Bears to get first look at NFL great with Broncos
ENGLEWOOD, Colo. – Like a lot of Bears fans, Peyton Manning really is looking forward to Thursday.
The first exhibition for the Bears also will be the first time Manning has played in a game since a playoff loss to the Jets after the 2010 season.
His Broncos’ debut at Soldier Field will be another step in his comeback from neck surgery.
Broncos coach John Fox said the coaching staff has not fully mapped out how much Manning will play, but indicated he likely will treat him the way he has treated other starting quarterbacks in the first exhibition and play Manning for the first two series.
He said he does not think a need exists to play Manning more to get him re-acclimated to football, nor is there a need to play him less to preserve him.
“He has proven his injury is fine from a structure standpoint,” Fox said. “Now, we don’t want to see how many times we can get him hit, But I think it will be pretty much business as usual.”
For his part, Manning said he will be amenable to whatever his coaches decide.
“I’d like to play well,” he said. “It’s tough to go in one series, three and out and they take you out. You always want to go back in, wish you could have a 12-play drive and score.
“So many factors work together. How much is the offensive line going to play, the receivers, how healthy we are? … I’m up for whatever he and the offensive coaches want to do.”
Manning is happy to be playing for Fox and offensive coordinator Mike McCoy. The 36-year old is happy to be playing, period.
“I’ve always enjoyed playing,” said Manning, who played 227 straight games for the Colts (including postseason) before last year. “I’ve always appreciated being able to practice every practice, play every game. I never took for granted the fact that I took every snap, started every game since I was 15 years old. So when you don’t play a whole season, it sort of proves you shouldn’t take it for granted, which I didn’t.
“I had it in the right perspective. It was a football season missed. There are people going through really tough times. Like here in Denver, the victims of the theater shooting. I never said how could this happen to me? The year the greatest physical gifts the Lord blessed me with were taken away was also the year He blessed me and my wife with the greatest gift of all time in twins. But I do like being out here in the routine again.”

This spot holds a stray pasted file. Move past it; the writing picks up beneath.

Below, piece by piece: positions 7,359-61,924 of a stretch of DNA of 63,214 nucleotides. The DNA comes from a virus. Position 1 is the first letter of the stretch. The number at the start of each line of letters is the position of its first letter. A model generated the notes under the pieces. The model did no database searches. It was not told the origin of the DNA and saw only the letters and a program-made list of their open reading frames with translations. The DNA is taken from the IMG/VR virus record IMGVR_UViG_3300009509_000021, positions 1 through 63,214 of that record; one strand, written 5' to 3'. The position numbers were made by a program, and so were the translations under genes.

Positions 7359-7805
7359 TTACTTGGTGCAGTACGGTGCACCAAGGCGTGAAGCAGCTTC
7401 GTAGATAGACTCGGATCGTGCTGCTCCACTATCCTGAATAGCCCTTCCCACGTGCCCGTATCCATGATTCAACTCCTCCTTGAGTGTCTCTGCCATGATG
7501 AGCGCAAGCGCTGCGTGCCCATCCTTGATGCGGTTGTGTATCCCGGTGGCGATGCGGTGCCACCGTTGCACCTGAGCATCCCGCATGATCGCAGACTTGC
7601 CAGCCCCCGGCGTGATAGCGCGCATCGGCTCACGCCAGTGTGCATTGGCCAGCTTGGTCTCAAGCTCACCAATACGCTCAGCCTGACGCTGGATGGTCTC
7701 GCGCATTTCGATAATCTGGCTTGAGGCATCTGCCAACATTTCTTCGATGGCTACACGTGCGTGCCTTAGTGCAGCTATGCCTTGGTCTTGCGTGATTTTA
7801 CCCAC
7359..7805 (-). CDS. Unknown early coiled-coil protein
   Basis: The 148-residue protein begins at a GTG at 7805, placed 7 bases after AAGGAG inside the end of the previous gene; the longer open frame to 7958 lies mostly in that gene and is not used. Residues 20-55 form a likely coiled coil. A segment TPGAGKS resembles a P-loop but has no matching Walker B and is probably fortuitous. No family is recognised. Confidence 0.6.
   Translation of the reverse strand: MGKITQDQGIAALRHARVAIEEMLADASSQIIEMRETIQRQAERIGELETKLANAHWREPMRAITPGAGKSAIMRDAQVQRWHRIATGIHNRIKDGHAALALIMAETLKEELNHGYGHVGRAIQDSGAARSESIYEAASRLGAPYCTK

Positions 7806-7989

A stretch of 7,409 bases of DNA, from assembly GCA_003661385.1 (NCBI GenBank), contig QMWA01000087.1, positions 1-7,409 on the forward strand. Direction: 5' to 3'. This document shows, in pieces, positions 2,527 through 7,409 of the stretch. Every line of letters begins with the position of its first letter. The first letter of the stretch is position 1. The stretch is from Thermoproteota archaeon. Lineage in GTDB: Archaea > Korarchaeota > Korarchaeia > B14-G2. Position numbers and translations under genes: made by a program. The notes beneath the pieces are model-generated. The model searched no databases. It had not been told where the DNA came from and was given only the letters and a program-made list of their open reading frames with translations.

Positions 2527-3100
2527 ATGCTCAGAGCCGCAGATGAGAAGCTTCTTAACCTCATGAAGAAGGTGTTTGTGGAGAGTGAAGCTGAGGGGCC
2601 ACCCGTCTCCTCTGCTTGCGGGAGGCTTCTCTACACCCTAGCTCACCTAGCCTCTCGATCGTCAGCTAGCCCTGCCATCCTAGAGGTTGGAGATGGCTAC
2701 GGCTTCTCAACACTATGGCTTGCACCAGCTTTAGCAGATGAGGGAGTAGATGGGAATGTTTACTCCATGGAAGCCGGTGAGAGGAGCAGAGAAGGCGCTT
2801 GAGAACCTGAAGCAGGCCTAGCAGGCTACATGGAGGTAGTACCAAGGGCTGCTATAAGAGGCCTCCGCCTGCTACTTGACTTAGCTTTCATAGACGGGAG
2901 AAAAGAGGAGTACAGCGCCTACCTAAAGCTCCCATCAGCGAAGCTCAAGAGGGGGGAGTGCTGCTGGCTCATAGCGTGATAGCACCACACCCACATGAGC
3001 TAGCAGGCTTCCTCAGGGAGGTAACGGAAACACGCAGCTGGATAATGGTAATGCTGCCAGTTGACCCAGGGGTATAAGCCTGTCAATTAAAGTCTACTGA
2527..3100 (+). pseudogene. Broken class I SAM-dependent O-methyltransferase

Manning has caused quite a stir in Denver. Hordes of fans and media members have besieged the Broncos’ Dove Valley training complex hoping to come away with a Manning experience.
His every throw has been scrutinized as everyone tries to get a feel for whether the arm that has thrown for 54,828 yards, third most in NFL history, is the same.
This week, he hit the out routes and made difficult throws downfield. He wasn’t throwing lasers, but he never did.
“He doesn’t throw it like Jay Cutler or like Brett Favre,” Broncos receiver Brandon Stokely said. “That’s not what he ever has been about. It’s not about how hard he throws the ball. I don’t think he ever has been a flamethrower back there.
“He’s more about accuracy, anticipation. Nobody does it better than him.”
Said Fox, “I don’t think he likes when we say his arm looks the same as it used to. But he is getting better every day. There is still some rehab. He hasn’t played football in a year.”
Manning puts it this way: “It has been so heavily analyzed, I leave it to everyone else. Everyone will have their opinion anyway. I’ve continued to work. I still have work to do. I look forward to putting that work in, trying to be as strong and as efficient as I can. I’ve worked hard and come a long way in a year. I still have work and rehab to do. It’s a work in progress.”